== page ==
Wilted flowers

Wilted flowers

Everybody’s looking for a way to stay cool this summer, but while we’re drinking iced tea with the fans on full blast, our poor plants tend to get forgotten. After all, they get hot, too, especially if they’re container-bound. If you’ve got a bad habit of letting your plants get hot, crispy and toasted in the summer, I’ve come up with a list of things you can do to break the cycle. After all, when the weather cools down, it’d be lovely to have something left growing.

Water, water—everywhere! – I know the middle of the day is hot and horrible, but your plants think so, too. Whether they’re container plants or unmulched members of the vegetable garden, they can get easily overheated in the sun. Most gardeners don’t think to try midday watering, but if you water deeply and have adequate drainage, the cool water helps to reduce the temperature of your plants at their roots, where it matters most.

Create some shade – Portable shades can be as simple as an old tarp on a PVC frame, but you should really consider using them. Again, midday heat is the big killer of heat tender plants, so if you can put up a shade to protect them from the sun’s harsh rays, it’ll go a long way to keeping your plants healthy and happy. This is simpler to do when you’ve got one or two favorite plants that you’re trying to protectwhole gardens may be too big to cover easily.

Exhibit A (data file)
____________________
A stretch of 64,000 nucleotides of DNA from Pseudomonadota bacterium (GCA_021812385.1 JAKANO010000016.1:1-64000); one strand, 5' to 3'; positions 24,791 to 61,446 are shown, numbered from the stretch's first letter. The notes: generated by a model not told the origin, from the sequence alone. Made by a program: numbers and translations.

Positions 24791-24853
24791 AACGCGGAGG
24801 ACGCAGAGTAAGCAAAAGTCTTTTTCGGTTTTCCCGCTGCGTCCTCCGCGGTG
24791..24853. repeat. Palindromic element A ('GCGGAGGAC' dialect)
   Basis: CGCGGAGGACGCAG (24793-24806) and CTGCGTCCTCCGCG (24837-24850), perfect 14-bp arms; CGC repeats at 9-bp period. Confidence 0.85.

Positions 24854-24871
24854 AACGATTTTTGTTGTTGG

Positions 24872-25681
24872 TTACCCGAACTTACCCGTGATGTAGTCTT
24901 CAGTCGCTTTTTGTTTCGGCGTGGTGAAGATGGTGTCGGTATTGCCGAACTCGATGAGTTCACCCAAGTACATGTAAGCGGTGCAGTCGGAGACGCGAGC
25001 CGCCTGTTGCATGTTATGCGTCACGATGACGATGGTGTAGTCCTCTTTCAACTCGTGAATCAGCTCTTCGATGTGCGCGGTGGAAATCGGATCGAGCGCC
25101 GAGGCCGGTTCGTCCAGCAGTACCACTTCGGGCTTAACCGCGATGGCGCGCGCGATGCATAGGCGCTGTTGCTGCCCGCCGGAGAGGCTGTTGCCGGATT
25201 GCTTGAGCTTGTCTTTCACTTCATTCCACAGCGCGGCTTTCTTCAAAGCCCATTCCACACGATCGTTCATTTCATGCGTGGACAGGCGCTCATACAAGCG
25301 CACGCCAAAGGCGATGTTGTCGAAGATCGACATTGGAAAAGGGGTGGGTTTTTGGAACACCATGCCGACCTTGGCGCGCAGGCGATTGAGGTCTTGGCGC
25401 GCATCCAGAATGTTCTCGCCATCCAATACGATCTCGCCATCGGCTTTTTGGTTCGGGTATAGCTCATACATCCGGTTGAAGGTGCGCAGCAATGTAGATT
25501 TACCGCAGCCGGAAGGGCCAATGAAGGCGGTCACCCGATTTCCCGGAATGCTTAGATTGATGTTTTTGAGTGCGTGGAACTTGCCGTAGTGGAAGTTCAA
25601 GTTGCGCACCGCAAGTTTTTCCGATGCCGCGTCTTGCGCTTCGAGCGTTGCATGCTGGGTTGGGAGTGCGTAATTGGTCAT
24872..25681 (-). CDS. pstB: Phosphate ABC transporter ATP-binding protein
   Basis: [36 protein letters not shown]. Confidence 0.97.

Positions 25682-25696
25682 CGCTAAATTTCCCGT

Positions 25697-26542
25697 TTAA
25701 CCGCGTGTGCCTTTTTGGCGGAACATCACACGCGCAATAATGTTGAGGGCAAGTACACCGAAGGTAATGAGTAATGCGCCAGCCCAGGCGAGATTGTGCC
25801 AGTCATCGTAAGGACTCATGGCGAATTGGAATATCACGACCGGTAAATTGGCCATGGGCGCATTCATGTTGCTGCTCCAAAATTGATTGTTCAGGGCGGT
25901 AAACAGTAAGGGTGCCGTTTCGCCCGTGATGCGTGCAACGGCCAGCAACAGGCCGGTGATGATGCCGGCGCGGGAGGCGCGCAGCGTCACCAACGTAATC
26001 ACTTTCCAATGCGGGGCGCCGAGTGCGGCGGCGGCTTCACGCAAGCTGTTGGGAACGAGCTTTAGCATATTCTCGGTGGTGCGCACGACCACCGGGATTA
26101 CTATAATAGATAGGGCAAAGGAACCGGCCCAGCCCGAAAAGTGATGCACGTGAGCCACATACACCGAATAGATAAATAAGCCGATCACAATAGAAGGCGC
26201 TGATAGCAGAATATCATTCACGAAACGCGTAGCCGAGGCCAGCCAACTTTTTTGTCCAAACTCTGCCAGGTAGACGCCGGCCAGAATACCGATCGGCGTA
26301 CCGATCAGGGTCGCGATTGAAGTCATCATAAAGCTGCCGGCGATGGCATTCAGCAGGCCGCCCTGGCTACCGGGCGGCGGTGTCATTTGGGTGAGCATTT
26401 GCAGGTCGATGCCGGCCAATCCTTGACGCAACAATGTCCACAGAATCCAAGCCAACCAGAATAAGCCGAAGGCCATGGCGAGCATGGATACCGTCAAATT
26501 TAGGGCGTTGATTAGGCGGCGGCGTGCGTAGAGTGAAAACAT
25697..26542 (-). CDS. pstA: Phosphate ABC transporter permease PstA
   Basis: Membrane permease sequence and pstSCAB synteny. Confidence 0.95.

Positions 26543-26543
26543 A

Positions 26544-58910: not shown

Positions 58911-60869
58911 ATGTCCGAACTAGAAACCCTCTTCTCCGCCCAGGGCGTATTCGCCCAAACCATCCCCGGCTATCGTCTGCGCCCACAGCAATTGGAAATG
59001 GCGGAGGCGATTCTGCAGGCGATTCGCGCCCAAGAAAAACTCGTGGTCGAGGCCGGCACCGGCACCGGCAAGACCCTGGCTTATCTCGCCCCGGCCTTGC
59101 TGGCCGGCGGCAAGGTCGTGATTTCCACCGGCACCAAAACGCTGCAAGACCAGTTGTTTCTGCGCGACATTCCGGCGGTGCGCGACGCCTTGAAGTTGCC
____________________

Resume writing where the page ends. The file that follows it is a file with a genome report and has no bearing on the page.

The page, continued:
Move things around – You know when the summer is at its worst in your area, so plan ahead. Just because your petunias look beautiful on your sunny front lawn is no reason to leave them there to die in the heat. Move them to a spot that’s shady except in the morning or late afternoon and they’ll last a lot longer. In the future, choose annuals like gazanias that thrive in the burning sun as your sunny side centerpieces.

Pile on the mulch – Some gardeners shy away from mulch because they see it as a real headache or don’t want to deal with decomposing wood products. These folks are forgetting how many other options they have for mulch these days. If you’re not a fan of wood mulch, pile some straw, pine needles or newspapers down around your plants to help keep them cool and moist. Repeat after me: mulch is your friend, mulch is your friend…..

Turn on some fans – OK, plants don’t sweat the same way we do, but they do derive some cooling benefit if you move warm, stagnant air away from their leaves. Plants that are especially thickly constructed or heavily leaved will benefit more than sparser plants, but even the little bit of evaporation from extra water coming from their stomas can cool plant tissues down. Just make sure your plants are well-watered, or you may end up accidentally dehydrating them with all that extra air movement.

The summer’s heat doesn’t have to turn your garden into a desert if you know how to keep yourself and your plants cool this year. Armed with a little knowledge and lots of mulch and water, you’ll be the envy of your neighbors when your window boxes and delicate container plants thrive despite the oppressive temperatures outside.

[box]by Kristi Waterworth[/box]
image: Jennifer Gaillard (Creative Commons BY-NC-SA)
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